The hand controls for JR Harding’s van are quite complex.
Mobility equipment dealers know how to mix and match the many different types of controls needed by any driver. Scott Poore, owner of Advanced Driving Systems, did that for JR Harding of Tallahassee, Fla. Harding has been paralyzed at the C5 level since 1983 and at the C6 level since 1988 due to two separate accidents that occurred 15 years apart. He has combined different types of systems that help him control his vehicle safely. His steering is assisted through Drivemaster reduced-effort steering, a tri-pin device to help him maintain a grip on the steering wheel with his left hand, and an extension to move the wheel closer to his body. Another tri-pin device mounted to his right helps him handle the acceleration and braking by pushing and pulling on the handle of a Mobility Products and Designs control. Auxiliary functions of driving are controlled through use of a Digipad or by touch controls mounted on his headrest.
That same professional advice can serve those who have been driving for years, but who are curious about how they might benefit from a switch to one of the newer hand control models. After using a MPS Monarch hand control for years, Allen Garrett, a C6-7 quad from Vero Beach, Fla., recently switched to one of the Sure Grip models. An amputee from Santa Cruz, Calif., Allen Carman, also made the same switch when he found it was more comfortable for him. Both men encourage other drivers to check periodically to see if a particular product, whether newly introduced or in common use for years, might work better for them.
Many drivers continue to use the type of hand controls they used when they first started driving. David Norley, a T4 para from Soap Lake, Wash., has been driving with hand controls for about 50 years. He started with a used set of Wells-Engberg controls donated by a friend after his 1964 auto accident and has remained loyal to that brand. The simple design initially allowed him to move the control himself whenever he changed to a new vehicle, and those he rented, during that half century. During the last few years he has let the professionals make those hand control swaps for him.
Nancy Starnes of Sparta, N.J., paralyzed from a spinal cord injury at the T12-L1 level, has used the push-pull type of controls for most of the time that she has been driving. She simply moves hers to each new vehicle when she purchases a car. While she is completely comfortable with that type of control, she has also been able to drive safely when using rental cars outfitted with different types of hand controls.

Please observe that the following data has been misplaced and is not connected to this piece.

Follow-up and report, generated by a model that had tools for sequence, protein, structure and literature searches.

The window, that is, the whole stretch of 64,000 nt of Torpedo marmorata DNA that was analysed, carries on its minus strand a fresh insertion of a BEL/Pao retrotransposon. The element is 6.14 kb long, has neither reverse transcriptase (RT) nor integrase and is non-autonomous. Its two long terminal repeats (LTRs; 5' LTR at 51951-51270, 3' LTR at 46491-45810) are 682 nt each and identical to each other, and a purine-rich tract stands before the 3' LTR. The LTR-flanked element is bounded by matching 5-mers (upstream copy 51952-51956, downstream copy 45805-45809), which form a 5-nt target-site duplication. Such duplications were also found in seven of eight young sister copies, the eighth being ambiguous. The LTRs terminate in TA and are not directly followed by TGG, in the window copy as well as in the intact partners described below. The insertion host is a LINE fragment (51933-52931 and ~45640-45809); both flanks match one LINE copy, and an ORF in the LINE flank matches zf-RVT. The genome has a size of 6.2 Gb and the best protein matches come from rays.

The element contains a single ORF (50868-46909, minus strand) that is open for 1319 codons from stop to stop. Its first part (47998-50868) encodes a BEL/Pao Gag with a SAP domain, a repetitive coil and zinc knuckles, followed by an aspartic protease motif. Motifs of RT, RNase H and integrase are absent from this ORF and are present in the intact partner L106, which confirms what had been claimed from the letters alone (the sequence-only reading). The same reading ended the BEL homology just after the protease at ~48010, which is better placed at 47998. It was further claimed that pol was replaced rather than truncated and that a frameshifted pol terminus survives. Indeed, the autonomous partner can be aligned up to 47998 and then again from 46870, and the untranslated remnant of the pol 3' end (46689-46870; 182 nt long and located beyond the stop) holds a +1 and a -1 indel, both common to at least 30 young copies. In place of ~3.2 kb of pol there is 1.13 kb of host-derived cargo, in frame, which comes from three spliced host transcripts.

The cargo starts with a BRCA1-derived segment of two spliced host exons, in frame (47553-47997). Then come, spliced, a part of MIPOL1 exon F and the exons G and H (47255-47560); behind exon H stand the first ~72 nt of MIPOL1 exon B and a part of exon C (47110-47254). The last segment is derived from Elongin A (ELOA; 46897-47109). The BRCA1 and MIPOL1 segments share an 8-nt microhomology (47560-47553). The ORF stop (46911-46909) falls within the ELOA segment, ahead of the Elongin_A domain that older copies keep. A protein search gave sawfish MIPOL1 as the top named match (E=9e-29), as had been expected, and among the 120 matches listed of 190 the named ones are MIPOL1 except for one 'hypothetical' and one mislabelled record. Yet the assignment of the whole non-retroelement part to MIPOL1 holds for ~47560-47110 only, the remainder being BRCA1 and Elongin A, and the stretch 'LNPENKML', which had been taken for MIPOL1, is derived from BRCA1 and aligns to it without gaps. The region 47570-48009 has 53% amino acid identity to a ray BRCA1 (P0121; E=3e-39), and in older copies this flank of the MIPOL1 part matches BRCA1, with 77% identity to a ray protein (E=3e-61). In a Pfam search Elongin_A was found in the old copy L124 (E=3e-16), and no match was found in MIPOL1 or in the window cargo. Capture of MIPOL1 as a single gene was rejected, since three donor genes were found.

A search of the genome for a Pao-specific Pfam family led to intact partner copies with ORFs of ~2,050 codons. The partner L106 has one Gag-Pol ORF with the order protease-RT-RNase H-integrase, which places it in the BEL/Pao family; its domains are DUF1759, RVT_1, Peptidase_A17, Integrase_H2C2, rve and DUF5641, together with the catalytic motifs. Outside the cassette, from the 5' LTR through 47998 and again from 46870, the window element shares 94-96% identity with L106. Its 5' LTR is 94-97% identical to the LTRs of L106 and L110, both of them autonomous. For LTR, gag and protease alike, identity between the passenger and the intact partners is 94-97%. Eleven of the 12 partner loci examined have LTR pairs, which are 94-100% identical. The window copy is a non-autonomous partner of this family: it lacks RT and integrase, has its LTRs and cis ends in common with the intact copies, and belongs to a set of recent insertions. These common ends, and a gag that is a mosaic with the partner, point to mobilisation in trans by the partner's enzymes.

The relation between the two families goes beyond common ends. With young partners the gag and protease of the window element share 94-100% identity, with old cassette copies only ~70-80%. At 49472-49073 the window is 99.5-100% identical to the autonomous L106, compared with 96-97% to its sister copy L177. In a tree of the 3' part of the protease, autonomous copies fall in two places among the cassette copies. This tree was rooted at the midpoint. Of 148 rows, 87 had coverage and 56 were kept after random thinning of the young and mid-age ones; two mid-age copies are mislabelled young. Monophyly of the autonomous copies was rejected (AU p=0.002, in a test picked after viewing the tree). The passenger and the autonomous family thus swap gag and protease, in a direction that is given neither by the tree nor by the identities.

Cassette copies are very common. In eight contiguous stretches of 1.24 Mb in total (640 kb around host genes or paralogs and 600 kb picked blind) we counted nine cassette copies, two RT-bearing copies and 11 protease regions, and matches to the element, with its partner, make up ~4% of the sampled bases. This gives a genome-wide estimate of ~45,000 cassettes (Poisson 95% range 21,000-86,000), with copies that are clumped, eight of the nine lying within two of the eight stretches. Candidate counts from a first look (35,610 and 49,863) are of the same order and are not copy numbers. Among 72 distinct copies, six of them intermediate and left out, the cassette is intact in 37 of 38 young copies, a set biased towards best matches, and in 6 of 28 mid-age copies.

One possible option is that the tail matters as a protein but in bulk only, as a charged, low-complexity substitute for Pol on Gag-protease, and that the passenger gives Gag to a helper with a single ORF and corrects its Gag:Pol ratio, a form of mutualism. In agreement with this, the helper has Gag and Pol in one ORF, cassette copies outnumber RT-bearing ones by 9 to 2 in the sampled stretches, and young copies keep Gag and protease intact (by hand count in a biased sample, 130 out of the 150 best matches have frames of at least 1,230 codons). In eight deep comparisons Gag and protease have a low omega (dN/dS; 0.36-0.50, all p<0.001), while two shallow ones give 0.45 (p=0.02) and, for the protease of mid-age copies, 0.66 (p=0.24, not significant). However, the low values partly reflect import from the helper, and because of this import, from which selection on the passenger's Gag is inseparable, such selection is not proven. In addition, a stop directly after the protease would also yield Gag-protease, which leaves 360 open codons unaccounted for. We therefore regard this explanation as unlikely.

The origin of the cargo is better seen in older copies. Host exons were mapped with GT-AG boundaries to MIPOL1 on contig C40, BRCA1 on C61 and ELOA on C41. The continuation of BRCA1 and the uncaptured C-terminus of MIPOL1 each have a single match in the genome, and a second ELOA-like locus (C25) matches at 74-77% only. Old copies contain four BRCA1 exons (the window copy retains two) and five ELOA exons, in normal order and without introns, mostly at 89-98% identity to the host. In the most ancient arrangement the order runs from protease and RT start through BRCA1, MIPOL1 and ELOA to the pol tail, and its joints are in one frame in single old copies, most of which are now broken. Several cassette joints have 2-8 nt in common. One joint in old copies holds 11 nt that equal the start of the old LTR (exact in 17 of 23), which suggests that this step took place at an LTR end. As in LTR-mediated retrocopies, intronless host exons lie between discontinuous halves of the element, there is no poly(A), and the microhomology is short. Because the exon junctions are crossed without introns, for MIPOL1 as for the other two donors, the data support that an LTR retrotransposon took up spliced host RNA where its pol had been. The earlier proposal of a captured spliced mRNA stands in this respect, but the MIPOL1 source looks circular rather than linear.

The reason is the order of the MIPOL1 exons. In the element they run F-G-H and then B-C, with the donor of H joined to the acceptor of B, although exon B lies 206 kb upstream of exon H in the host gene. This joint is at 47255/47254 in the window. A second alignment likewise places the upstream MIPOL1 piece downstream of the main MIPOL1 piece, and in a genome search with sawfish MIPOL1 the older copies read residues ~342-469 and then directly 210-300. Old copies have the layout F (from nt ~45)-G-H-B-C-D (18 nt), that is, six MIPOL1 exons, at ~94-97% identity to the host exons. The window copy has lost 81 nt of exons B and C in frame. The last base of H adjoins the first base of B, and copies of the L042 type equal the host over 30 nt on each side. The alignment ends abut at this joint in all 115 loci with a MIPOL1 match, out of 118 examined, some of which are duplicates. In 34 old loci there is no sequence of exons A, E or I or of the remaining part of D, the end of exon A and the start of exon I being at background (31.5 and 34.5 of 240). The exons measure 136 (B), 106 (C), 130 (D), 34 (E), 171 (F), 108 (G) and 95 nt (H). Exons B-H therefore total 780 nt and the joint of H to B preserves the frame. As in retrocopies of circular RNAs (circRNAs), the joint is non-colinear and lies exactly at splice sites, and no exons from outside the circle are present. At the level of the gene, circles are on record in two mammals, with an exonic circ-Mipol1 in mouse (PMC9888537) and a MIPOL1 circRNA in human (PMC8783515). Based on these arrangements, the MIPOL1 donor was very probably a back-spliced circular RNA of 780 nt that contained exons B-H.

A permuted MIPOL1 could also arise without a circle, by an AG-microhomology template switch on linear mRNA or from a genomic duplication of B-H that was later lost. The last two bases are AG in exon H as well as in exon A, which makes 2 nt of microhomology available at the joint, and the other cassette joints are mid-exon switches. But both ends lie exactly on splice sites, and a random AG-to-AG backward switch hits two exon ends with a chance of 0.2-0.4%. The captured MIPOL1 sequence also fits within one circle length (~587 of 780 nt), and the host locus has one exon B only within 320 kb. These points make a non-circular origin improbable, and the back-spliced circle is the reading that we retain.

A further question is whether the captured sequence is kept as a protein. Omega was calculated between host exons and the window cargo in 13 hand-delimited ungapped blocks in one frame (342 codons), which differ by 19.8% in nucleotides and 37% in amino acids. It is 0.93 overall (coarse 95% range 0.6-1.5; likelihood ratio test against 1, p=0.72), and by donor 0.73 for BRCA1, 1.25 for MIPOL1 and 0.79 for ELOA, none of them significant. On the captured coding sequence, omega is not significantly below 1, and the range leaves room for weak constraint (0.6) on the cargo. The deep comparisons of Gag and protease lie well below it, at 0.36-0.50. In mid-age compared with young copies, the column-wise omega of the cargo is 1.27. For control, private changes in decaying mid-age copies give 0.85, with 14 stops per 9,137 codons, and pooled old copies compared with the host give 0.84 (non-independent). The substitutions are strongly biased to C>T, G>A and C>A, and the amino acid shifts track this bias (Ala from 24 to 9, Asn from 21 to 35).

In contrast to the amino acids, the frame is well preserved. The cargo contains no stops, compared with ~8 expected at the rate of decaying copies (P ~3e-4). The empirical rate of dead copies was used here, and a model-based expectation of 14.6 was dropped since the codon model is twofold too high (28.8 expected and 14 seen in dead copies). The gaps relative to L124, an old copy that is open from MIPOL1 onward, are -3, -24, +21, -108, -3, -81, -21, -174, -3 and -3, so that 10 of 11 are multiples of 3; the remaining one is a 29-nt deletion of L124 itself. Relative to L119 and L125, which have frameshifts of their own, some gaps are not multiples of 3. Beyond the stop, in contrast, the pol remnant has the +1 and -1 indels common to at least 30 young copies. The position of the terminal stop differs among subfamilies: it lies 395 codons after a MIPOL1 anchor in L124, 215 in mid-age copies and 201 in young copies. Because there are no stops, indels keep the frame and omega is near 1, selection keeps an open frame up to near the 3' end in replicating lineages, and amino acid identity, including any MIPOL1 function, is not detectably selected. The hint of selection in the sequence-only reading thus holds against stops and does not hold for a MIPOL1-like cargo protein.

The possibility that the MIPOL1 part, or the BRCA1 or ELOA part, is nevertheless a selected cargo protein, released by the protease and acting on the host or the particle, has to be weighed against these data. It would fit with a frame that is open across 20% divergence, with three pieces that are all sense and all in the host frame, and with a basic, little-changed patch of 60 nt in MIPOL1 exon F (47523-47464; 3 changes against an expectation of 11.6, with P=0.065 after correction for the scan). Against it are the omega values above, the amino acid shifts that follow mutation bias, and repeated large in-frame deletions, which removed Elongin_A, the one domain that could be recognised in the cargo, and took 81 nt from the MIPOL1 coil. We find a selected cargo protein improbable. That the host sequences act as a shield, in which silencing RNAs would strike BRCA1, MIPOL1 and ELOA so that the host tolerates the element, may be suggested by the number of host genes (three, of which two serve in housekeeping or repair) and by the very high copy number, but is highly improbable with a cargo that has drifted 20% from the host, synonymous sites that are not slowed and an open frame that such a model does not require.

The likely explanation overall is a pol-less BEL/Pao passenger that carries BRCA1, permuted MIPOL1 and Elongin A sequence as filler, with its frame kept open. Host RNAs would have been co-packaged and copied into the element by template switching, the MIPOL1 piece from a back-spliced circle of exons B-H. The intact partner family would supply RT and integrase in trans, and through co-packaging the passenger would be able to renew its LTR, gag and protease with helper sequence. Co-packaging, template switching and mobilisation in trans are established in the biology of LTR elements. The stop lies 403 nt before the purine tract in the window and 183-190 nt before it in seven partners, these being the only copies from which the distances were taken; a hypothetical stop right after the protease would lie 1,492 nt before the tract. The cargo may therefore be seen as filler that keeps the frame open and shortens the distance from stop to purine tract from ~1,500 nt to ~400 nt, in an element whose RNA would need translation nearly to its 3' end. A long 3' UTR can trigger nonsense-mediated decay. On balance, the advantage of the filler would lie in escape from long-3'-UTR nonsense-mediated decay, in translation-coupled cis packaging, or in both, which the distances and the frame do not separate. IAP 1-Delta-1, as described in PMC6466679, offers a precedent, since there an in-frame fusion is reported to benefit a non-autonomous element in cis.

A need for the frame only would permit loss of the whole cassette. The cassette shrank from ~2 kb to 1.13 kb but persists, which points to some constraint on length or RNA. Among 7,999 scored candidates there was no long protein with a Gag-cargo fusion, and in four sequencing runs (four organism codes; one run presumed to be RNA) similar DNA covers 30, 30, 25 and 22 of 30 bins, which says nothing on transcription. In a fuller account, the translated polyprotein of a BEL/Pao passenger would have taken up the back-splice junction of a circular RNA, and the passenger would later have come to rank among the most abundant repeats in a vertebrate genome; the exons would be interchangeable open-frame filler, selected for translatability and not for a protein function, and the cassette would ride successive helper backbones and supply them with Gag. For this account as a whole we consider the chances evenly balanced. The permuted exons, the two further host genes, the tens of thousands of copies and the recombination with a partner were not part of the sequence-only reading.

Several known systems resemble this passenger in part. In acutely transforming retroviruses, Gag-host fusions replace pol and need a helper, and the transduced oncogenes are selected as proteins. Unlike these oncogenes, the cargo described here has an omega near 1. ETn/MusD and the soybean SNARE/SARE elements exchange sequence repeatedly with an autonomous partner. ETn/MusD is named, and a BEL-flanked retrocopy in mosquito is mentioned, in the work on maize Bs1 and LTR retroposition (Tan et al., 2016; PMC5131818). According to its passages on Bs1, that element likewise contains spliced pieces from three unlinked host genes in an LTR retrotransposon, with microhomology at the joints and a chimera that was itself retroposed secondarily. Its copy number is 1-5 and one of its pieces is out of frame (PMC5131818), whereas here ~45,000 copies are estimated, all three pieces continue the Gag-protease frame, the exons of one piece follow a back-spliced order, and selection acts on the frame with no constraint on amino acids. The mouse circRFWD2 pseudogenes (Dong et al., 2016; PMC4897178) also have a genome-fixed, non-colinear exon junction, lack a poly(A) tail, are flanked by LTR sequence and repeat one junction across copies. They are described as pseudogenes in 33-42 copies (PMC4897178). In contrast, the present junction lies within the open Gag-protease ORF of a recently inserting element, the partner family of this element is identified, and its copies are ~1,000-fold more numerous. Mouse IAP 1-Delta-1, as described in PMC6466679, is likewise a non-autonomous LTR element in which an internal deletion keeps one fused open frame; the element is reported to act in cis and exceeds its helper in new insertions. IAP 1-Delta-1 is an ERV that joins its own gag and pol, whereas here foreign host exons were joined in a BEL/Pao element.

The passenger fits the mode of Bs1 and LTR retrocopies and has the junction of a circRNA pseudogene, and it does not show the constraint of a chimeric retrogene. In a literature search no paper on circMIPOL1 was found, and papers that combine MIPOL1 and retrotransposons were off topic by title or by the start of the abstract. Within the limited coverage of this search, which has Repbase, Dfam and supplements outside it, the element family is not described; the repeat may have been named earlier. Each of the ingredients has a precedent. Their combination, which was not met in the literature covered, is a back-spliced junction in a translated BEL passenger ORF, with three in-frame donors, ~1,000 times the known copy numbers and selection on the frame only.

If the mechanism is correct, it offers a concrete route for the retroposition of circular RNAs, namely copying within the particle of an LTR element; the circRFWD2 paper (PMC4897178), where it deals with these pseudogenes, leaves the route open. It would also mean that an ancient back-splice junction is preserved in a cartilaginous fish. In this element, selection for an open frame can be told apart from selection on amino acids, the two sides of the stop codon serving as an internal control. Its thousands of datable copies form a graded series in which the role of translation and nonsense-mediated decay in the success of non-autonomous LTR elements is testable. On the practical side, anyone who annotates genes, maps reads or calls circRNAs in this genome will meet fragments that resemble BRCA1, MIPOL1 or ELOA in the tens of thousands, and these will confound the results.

Types of Hand Controls
The number of types of hand controls available for drivers with any kind of disability has continued to grow, and some even allow vehicles with manual transmissions to be operated safely with hand controls. Patrick Cottini is the owner of an automobile repair shop in Chico, Calif., that specializes in repairing, restoring and selling classic cars, and repairing wheelchairs. Cottini, paralyzed at the C7 level at age 15, believes in keeping active. He bought a three-wheeled motorcycle equipped with a paddle shifter in 2008 and recently installed a similar device in a new BMW Sport Coupe that he compares to the feeling of driving a rally racecar. Not surprisingly, he believes that the use of paddle shifters is the wave of the future for people who drive with hand controls.
Steering modifications, when needed, often include the addition of a knob or similar device on the steering wheel to allow it to be operated with one hand. Other modifications might include adjustment of the position of the wheel to move it closer to the driver, a smaller steering wheel, or a counterweight mounted opposite any other devices attached to the wheel to make it easier to turn. For those with minimal strength, power-assisted steering can allow the wheel to be turned easily.